We still don't know who committed the terrible acts at the Boston Marathon on Monday that killed at least three and injured nearly 200, or whether it will be considered some kind of official act of terrorism. But for those interested in acts of terror from an academic or statistical perspective, there's a comprehensive database available online. It's called the Global Terrorism Database, and it's an open-source project that includes information on more than 104,000 terrorist attacks from 1970 through 2011, with updates planned. The principal investigator for GTD is Gary LaFree, director of START (National Consortium for the Study of Terrorism and Responses to Terrorism), and professor of criminology and criminal justice at the University of Maryland. GTD's database breaks out data by more than 120 categories:
The GTD includes systematic data on domestic as well as transnational and international terrorist incidents that have occurred during this time period and now includes more than 104,000 cases. For each GTD incident, information is available on the date and location of the incident, the weapons used and nature of the target, the number of casualties, and--when identifiable--the group or individual responsible.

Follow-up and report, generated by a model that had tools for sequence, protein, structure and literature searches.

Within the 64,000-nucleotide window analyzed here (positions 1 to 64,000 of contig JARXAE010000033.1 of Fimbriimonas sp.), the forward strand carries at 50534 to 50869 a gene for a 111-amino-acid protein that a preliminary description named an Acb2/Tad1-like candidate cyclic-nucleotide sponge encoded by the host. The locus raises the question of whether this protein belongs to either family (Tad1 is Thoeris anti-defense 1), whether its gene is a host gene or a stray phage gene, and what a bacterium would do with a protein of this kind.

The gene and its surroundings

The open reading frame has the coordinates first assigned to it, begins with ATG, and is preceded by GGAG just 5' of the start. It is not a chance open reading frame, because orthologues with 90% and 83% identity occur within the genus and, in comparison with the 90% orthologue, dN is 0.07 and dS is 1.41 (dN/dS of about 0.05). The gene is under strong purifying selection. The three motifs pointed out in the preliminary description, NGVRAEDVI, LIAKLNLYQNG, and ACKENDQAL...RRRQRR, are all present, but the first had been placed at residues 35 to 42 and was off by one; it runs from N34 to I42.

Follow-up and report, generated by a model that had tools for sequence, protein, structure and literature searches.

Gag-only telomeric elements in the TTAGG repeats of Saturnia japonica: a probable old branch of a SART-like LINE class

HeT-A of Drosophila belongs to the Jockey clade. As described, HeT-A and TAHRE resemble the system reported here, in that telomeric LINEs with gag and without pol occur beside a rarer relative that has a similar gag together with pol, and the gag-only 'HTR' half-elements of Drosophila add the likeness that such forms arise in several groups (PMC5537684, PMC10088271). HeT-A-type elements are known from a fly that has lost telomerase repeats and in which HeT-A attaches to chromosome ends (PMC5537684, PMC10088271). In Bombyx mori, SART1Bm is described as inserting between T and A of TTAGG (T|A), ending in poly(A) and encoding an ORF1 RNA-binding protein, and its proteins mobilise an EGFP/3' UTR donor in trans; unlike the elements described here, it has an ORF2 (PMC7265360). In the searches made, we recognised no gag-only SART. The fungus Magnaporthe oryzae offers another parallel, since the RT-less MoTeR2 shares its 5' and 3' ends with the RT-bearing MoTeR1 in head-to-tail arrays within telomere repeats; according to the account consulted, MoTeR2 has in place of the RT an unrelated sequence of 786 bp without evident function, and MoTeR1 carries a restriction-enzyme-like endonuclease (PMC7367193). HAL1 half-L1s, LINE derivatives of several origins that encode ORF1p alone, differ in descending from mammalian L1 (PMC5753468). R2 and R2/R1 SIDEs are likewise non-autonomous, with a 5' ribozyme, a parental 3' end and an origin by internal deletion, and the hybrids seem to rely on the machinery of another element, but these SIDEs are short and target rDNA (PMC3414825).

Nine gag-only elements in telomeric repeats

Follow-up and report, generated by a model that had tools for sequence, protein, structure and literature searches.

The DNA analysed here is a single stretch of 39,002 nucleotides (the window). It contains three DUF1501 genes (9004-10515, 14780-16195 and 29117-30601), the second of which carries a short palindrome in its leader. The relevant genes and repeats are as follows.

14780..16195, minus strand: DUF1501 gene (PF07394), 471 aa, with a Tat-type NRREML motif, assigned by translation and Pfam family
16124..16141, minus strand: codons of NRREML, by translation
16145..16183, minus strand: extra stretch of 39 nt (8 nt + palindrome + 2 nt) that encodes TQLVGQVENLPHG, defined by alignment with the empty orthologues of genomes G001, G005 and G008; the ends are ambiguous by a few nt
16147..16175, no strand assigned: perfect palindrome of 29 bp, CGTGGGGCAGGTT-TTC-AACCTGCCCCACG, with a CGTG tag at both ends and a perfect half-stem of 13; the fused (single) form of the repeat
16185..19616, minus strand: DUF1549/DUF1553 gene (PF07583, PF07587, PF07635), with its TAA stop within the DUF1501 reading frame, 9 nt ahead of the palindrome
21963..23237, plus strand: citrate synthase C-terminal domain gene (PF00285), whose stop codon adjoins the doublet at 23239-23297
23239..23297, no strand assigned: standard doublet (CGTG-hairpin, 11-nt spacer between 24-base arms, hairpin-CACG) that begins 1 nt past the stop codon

START's goal in creating the GTD was "to increase understanding of terrorist violence so that it can be more readily studied and defeated." The sooner, the better. Now read this: